Thursday, January 12, 2012

Old Salt New Trick

Marathon, Florida
24 42.40 081 N 05.68 W



They say you can't teach an old dog new tricks. How about an old salt?  Also, what are the chances of me inventing a boat handling technique that I have not seen before used on another boat.  It all sounds improbable.  Nonetheless, I think I did it.

We always had a problem of where and how to tie the dinghy to Tarwathie overnight.  If we tie it along side the gate in the lifelines, it rubs against the paint.  Even with fenders to protect the paint, it rubs on the same spot year after year until the paint is damaged.  We have such damage.  Not only that, but the dinghy rocks more violently in heavy weather on the side.  A month or so ago it chaffed through the dinghy painter.    

Most sailboats have squared off transoms, or they at least don't have a Monitor self-steering gear hanging off the stern.  They tie their dinghies behind them just fine.  We do that too in strong winds.  However when the winds slack off, or weaken to less force than the current, our dinghy moves forward, it works it's bow under the Monitor, then it starts banging; damaging both the dinghy and the Monitor.  The banging wakes me up.  I have to get out of bed, get the boat hook, disentangle the dinghy from the Monitor, then retie the dinghy on the side.  I'd much rather sleep.

Other friends on W32's tie the dinghy on the side but way back so that the stern of the dinghy and Tarwathie's stern are about equal.  That works better but it still rubs.  Starting from that though, I found a new method.

See the picture.  I tied the dinghy to Tarwathie starboard side with two lines, one in the bow and the other in the stern.  Then I adjusted the lengths of those lines such that the dinghy points about 20 degrees more to starboard than Tarwathie.  That puts the dinghy on port tack.  The wind blows it away from the hull.  It doesn't touch at all.  It almost never bumps into the Monitor.  As Tarwathie swings from side to side at anchor, the dinghy swings with it.  The chaffing load on the lines are much reduced. Tied with two lines, the dingy is more secure than if it were tied with one line.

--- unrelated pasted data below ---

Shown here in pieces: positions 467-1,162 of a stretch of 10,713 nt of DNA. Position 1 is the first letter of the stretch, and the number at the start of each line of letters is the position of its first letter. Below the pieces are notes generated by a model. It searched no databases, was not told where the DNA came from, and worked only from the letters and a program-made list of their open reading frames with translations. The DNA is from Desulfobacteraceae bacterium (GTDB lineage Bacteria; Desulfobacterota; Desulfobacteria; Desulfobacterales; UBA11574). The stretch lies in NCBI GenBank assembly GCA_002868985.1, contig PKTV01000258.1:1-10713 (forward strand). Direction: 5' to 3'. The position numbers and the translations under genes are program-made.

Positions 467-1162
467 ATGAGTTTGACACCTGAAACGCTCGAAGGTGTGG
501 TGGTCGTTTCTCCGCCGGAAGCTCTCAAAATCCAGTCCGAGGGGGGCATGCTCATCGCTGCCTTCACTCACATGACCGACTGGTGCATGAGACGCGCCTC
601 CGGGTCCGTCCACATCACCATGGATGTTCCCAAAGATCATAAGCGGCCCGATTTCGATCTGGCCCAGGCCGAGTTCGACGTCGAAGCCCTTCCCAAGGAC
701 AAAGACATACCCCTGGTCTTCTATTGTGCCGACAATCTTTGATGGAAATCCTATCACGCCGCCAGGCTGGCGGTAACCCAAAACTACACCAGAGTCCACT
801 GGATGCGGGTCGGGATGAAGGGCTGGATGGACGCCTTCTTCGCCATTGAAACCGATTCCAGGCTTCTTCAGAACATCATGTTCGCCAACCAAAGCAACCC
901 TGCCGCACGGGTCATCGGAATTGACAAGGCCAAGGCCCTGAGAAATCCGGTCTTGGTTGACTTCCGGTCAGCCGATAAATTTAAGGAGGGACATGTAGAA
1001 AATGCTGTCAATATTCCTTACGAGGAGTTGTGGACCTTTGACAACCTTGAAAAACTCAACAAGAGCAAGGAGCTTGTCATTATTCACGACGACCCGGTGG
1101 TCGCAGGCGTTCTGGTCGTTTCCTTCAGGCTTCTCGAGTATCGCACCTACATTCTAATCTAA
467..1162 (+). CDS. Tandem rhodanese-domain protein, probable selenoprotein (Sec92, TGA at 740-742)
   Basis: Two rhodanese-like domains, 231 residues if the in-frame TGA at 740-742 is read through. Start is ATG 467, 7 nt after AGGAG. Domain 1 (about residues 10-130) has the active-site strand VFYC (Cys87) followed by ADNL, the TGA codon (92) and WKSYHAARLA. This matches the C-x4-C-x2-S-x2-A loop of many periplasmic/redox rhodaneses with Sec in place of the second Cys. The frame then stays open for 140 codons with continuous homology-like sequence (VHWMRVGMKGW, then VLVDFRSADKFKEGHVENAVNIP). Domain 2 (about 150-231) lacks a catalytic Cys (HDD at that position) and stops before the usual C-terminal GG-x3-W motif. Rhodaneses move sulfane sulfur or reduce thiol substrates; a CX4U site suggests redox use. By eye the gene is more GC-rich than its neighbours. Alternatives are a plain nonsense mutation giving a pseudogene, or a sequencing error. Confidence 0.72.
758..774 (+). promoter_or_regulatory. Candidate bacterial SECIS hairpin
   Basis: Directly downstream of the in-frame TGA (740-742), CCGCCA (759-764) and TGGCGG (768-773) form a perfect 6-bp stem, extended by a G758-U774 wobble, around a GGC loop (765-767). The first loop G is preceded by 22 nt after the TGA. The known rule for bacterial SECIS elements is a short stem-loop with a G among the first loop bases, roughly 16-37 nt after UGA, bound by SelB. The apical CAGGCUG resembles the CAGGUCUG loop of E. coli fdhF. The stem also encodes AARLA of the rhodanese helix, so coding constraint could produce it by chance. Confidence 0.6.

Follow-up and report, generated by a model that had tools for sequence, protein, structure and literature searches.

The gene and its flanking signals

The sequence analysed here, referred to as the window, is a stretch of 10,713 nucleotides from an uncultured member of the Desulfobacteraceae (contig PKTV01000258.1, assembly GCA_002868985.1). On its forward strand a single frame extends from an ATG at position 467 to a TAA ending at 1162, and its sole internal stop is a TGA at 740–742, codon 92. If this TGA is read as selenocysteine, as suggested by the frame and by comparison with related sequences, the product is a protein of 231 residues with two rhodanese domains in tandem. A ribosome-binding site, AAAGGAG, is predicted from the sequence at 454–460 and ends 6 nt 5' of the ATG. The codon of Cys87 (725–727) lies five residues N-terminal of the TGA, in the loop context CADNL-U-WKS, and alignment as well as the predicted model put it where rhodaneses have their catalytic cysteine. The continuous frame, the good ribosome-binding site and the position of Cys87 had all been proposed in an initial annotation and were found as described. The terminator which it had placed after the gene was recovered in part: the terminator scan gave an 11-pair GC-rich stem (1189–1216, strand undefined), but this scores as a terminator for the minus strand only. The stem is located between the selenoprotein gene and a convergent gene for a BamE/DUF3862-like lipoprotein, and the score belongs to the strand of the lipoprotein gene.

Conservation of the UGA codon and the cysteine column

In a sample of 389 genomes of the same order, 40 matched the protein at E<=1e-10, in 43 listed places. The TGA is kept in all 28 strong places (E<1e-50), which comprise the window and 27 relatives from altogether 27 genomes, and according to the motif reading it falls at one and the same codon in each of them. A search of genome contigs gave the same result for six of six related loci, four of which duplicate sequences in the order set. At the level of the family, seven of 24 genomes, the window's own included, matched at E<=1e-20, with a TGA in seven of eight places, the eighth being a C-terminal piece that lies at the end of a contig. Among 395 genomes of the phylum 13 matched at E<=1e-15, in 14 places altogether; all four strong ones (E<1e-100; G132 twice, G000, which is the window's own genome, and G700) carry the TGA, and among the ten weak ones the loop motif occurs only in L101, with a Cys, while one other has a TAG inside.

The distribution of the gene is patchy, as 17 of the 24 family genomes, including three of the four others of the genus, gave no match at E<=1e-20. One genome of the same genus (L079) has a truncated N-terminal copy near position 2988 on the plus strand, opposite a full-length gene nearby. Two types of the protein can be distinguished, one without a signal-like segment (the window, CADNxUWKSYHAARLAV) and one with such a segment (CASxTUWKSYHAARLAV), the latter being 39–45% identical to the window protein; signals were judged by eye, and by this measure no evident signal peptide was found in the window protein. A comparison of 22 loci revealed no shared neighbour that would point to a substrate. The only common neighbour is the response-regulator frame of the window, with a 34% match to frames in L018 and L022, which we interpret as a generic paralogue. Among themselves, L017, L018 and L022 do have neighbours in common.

I've been doing this for a couple of weeks.  It worked every time; all night, no wind, weak wind, and stronger winds.  Last night we had near gale winds for about 3 hours.  Then my method broke down and didn't work. The waves pushed the dinghy against the hull.  I had to move the dinghy astern.  So I guess it can be said that the method works almost all the time.

Is it possible, that this is really new?  Have any of you seen other boats tie their dinghies this way?

2 comments:

  1. I saw a double ended 32 (lighter and smaller than my WS32) using a old fishing pole to keep the dink away from the boat. He tied the line to a aft cleat and tied the line to the end of the pole and on to the bow of the dink. The pole was a surf type rod with the base secured to the boat and the tip out about 6 feet. Ken

    ReplyDelete
  2. How about tethering at the end of a spinnaker or whisker pole?

    ReplyDelete

Type your comments here.